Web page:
Why 'Peaky Blinders' has struck a chord around the world
Whether portraying private family conflict or populist politics, creator Steven Knight wants the show to ring true with fans.
Peaky Blinders creator Steven Knight is trying to put his finger on why his historical gangster drama, “this unfashionable, Birmingham-set thing” that had always been in his mind, has struck such a chord around the world. Simply being able to make his pet project in the first place was a small victory – now there are Peaky Blinders-themed bars and weddings. A ballet and musical are in development, David Beckham has designed his own clothing line inspired by the show and it’s estimated Birmingham has attracted a 26 per cent rise in visitors since the first series, mainly from the US. “Astonishing,” says Knight with a smile, as its fifth season begins on Netflix this week.
“We’ve always had great directors and brilliant performances, and that gives us a confidence and energy to try the things we want to do,” he continues. “Peaky Blinders is about family and breaking the rules, which is often popular. But I’ve always wanted to reflect the reality of people’s lives. OK, yours might not be as dramatic and violent and scary as the things that happen in Peaky Blinders, but we all have emotions, barriers, relationships.” The new series once again explores the interwar period of the early 20th century. Tommy Shelby, as the cunning leader of the Peaky Blinders gang, is now part of the establishment as a Member of Parliament for Small Heath, Birmingham. But Cillian Murphy’s character is not about to stop fighting; as the Wall Street Crash bites these are brutal times, with nationalism, populism and racism sweeping across the western world. Knight says the connections between the backdrop to the world of the Peakys and the political situation today are “spooky”.
“Fortuitous for me, terrible for the world,” he jokes.
But what’s so crucial to Peaky Blinders’s success is that Knight never lays the history on too thick. Winston Churchill and far right leader Oswald Mosley appear in the drama, but only to serve the story, not overwhelm it.
“I wouldn’t have someone walking on as Hitler,” he confirms. “What I wanted to reflect is that in the early 1930s in the UK, a fascist rally could attract 100,000 people, with others queuing to get in. It’s more the mood of that I try to explore; with Peaky Blinders I’m always trying to reflect what was happening in history via the people in Birmingham who live around the Shelbys.”
And in the end, it’s what makes the Shelbys tick that makes Peaky Blinders such compelling viewing. Helen McCrory, who plays the matriarchal Aunt Polly, Tommy’s sounding board and touchstone, thinks there’s a genuine discussion to be had about whether he’s actually trying to be good. “What’s the next thing that could even be worse than murdering, thieving, blackmailing? Oh, he’s going to become a politician! It’s a great punchline – quite witty, I think. But can a bad person do good acts? Or do they automatically become bad acts because a gangster did them? I think this series grapples quite a lot with that, and it’s up to the audience to work out how they feel about Tommy.” One thing’s for sure, the heightened violence in Peaky Blinders has certainly not changed. As a BBC co-production, that’s often led to the accusation that young people will see these gratuitous scenes as normal, amusing even. Knight is unapologetic.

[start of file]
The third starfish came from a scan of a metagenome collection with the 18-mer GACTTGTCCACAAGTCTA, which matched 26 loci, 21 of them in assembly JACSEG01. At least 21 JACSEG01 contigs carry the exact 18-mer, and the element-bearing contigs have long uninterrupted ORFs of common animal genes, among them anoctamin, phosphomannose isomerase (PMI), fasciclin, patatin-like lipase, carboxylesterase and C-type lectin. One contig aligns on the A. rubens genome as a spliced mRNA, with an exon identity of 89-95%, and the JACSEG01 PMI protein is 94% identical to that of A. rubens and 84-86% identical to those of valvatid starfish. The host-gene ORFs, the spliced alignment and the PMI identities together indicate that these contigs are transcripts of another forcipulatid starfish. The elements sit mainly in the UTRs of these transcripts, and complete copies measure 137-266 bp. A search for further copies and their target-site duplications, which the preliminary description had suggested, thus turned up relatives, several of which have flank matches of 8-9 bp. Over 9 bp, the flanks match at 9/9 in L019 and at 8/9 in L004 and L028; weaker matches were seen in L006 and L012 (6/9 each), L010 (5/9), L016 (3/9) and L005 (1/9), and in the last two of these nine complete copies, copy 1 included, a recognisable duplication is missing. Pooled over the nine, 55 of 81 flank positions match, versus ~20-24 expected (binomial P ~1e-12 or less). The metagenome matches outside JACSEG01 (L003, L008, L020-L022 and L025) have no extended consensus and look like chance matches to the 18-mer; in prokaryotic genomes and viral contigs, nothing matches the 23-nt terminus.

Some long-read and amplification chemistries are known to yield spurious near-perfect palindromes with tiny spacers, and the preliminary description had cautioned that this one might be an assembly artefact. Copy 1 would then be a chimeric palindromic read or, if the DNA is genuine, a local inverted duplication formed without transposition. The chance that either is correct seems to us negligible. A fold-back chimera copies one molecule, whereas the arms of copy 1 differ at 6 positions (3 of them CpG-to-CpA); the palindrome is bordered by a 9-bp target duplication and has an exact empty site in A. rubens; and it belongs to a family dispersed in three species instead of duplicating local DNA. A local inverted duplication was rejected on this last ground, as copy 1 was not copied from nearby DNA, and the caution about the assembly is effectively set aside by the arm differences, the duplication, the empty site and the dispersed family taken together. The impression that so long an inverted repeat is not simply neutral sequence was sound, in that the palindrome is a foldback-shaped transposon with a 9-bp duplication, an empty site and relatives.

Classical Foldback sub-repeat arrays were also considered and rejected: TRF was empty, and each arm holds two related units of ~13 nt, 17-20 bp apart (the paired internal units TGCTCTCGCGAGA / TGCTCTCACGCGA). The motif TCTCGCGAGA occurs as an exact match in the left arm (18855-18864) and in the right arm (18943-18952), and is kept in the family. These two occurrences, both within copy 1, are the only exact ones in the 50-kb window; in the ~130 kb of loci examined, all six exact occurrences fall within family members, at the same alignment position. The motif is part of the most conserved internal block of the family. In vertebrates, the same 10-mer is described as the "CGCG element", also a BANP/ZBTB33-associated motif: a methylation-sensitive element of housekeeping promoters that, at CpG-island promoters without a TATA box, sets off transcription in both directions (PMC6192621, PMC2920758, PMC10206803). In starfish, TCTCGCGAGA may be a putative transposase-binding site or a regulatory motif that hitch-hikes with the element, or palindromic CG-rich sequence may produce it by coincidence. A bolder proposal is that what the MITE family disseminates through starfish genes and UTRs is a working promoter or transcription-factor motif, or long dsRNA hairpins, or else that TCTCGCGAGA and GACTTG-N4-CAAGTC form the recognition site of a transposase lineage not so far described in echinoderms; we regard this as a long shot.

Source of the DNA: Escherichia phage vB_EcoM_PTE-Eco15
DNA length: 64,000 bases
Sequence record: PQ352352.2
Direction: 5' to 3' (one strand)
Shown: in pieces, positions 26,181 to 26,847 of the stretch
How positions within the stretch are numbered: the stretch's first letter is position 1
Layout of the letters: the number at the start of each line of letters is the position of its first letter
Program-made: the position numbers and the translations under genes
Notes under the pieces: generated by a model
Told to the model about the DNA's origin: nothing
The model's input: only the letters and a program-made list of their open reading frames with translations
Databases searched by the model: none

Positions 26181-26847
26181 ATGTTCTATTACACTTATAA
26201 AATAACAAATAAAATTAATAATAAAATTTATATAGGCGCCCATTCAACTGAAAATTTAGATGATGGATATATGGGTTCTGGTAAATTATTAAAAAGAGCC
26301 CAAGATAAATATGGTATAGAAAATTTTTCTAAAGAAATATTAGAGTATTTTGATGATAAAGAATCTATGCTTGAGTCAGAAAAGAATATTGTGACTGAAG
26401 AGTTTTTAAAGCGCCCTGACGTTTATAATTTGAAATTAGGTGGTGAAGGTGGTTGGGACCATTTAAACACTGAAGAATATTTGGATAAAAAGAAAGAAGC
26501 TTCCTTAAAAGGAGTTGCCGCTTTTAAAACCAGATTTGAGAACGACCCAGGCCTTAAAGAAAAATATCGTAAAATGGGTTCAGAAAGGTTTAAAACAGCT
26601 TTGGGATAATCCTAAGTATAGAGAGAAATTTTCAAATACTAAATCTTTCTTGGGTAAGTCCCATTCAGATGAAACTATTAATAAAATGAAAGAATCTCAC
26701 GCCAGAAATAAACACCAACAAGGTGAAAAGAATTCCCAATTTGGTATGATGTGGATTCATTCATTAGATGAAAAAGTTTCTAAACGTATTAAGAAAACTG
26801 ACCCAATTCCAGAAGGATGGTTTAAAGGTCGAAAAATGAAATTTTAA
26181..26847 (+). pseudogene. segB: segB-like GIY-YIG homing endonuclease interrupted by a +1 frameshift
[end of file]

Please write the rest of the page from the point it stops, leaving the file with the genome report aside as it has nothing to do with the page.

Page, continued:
“Look, whenever there’s an act of violence in Peaky Blinders, that person stays hurt for two or three episodes. They are injured, and you see that this brief moment of violence leads to a consequence. An act of violence causes an act of revenge somewhere down the line. What I think is dangerous is when people see violence that is routine and inconsequential. Hopefully people care about our characters – certainly I hope because of that, the violence is more of a deterrent.”
And in season five, you certainly care about Tommy Shelby – there’s a definite sense that he’s thawing out, yet haunted by the things he’s done in the past. Without giving too much away, by the end of this season, which has just finished its run in the UK on prime-time BBC, Tommy is in the throes of a full-on existential crisis.
It’s an irresistible performance from Murphy, not least because it’s underpinned by the context of the entire show; set in the years after the First World War, during which Tommy saw thousands of people killed every hour at the request of commanding officers. “That’s where his moral compass got destroyed and now he’s basically trying to piece it together,” Knight says.
In fact, that’s the Peakys journey in microcosm. The idea was always to take a character who was damaged by the war, who feels nothing and has no connection with other human beings, and make him human again by the end of the saga. Knight is plotting towards the end of series seven, with the idea that it will close with the first Birmingham air-raid siren of the Second World War … and then, perhaps, shoot a film.
“When the energy behind this is so strong it seems a shame to stop it, but I want to get to the destination that I had from the very beginning of series one, and then maybe look at what we do next,” he says.
Whatever it is, by that point Peaky Blinders will surely have cemented its place as one of the 21st century’s very best television dramas.
Season five of Peaky Blinders is on Netflix from Friday, October 4
Updated: October 2, 2019 11:16 AM